Some things never change and the depths of your parental influence run greater than you may think.
Your kids are watching your every move, even how you manage money.
Every moment can present a learning opportunity.
Think about the typical week…
Monday: You are dropping your child off at school and they remind you they don’t have any money in their lunch account. You respond with an off-handed, “I’ll just wait till they send me the bill.”
Lesson learned: It’s okay to pay on credit or not at all.
Tuesday: You and your spouse are discussing the upcoming weekend and a dinner invitation from the neighbors to a local upscale restaurant. You feel the expense doesn’t fit into your budget and you should decline. Your spouse really wants to go and expresses their disappointment with a few choice words. Your child walks into the argument and asks why you are yelling. You respond,”We are arguing about money again.”
Lesson learned: Money causes arguments.
Wednesday: You take your child to the grocery store with a budget, a list and coupons. As you walk down the aisles they ask for a new box of cereal, fruit snacks, and cookies, all items not on the list. You give in and allow them to place the items in the cart.
Lesson learned: Its okay to deviate from your list and budgets don’t really matter.
Thursday: It’s pay day and you go through your bank’s drive thru window requesting that your paycheck be cashed. Your child asks why you didn’t save any of the money. You respond with, “ I can’t afford it.” Then frivolously spend the cash in hand over the next week.
Lesson learned: Saving money isn’t important.
Friday: A bill collector you have been dodging gets your child on the phone and asks to speak to you. You immediately hang up the phone when you realize who it is and your child wants to know why. You explain that it’s someone that wants money and you don’t have any to give them.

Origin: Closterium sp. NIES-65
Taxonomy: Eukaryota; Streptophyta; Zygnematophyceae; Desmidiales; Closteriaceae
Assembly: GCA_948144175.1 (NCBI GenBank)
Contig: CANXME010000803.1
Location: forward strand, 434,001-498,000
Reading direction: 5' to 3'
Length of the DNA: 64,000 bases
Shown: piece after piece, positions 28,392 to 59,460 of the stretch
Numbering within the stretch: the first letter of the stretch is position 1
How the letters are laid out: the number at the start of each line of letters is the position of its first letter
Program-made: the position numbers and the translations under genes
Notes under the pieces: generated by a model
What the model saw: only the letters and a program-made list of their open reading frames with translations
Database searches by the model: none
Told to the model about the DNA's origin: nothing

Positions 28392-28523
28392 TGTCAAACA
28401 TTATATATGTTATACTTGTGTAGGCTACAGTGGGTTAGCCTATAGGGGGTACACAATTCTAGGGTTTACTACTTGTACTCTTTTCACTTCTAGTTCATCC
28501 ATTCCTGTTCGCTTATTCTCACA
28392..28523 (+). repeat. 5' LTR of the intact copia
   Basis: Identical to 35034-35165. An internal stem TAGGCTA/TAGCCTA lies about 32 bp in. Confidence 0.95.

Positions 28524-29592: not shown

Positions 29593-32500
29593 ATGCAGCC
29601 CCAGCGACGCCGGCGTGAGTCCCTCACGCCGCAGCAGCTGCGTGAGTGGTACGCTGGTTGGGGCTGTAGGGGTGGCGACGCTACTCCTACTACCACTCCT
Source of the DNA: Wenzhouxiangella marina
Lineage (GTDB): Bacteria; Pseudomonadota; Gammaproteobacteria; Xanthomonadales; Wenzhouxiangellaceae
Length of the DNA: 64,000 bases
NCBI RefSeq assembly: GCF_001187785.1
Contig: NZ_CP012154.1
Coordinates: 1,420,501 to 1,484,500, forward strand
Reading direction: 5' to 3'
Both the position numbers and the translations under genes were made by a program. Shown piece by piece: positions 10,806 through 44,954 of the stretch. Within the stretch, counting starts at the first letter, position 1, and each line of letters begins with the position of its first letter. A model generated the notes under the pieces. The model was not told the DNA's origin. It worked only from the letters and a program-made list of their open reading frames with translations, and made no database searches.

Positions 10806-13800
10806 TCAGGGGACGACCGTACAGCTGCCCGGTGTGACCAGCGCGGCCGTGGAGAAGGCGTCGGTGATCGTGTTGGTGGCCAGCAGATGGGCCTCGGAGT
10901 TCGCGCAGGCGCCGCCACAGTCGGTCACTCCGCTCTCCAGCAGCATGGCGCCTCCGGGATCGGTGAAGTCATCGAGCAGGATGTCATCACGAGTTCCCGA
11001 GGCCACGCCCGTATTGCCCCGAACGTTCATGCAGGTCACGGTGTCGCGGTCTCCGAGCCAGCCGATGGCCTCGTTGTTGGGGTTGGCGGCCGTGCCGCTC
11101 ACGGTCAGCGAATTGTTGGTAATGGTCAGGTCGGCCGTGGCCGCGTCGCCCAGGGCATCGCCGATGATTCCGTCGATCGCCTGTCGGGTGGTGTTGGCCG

Lesson learned: It’s ok to avoid paying bills.
Lacking the tools, they are watching you
A new study by ING Direct found that 87% of teens know very little about personal finance. The teens in the study realize the importance of savings, but are lacking the tools they need to budget, save, and prepare for the future.
Only 1 out of 5 parents in the study feel they are setting good financial examples for their kids. As you can see from the above example your kids are watching; at the cash register, the bank, and even in your own home. Following your lead is the way they learn life lessons, especially personal finance.
Make Life Lessons Count
Instead of beating yourself up for not being able to pay a bill or save money use the opportunity to teach your kids valuable lessons:
- Save when you can and a little even when you can’t.
- Don’t buy what you cant afford.
- Live within your means.
Teach Wants vs. Needs
If your child wants something instead of just getting it for them make them work and budget for the coveted item.
Make Them Work for It
Nothing teaches responsibility like hard work. Allowance has fallen by the wayside in many families I talk to, and that concerns me. An allowance is the gateway to many important lessons that can never be learned from a book; work earns you currency, saving for a rainy day is important, and budgeting is the best way to get to where you want to be.
Be the influence your kids need even if your personal financial situation is not what you would consider picture perfect. By watching your mistakes and then hopefully your corrections such as finding debt relief, saving for retirement, and building an emergency fund will help your kids gain these powerful financial tools they will need when they venture out onto their own.
Are you proud to say you are modeling financial lessons for your kids? Good or bad.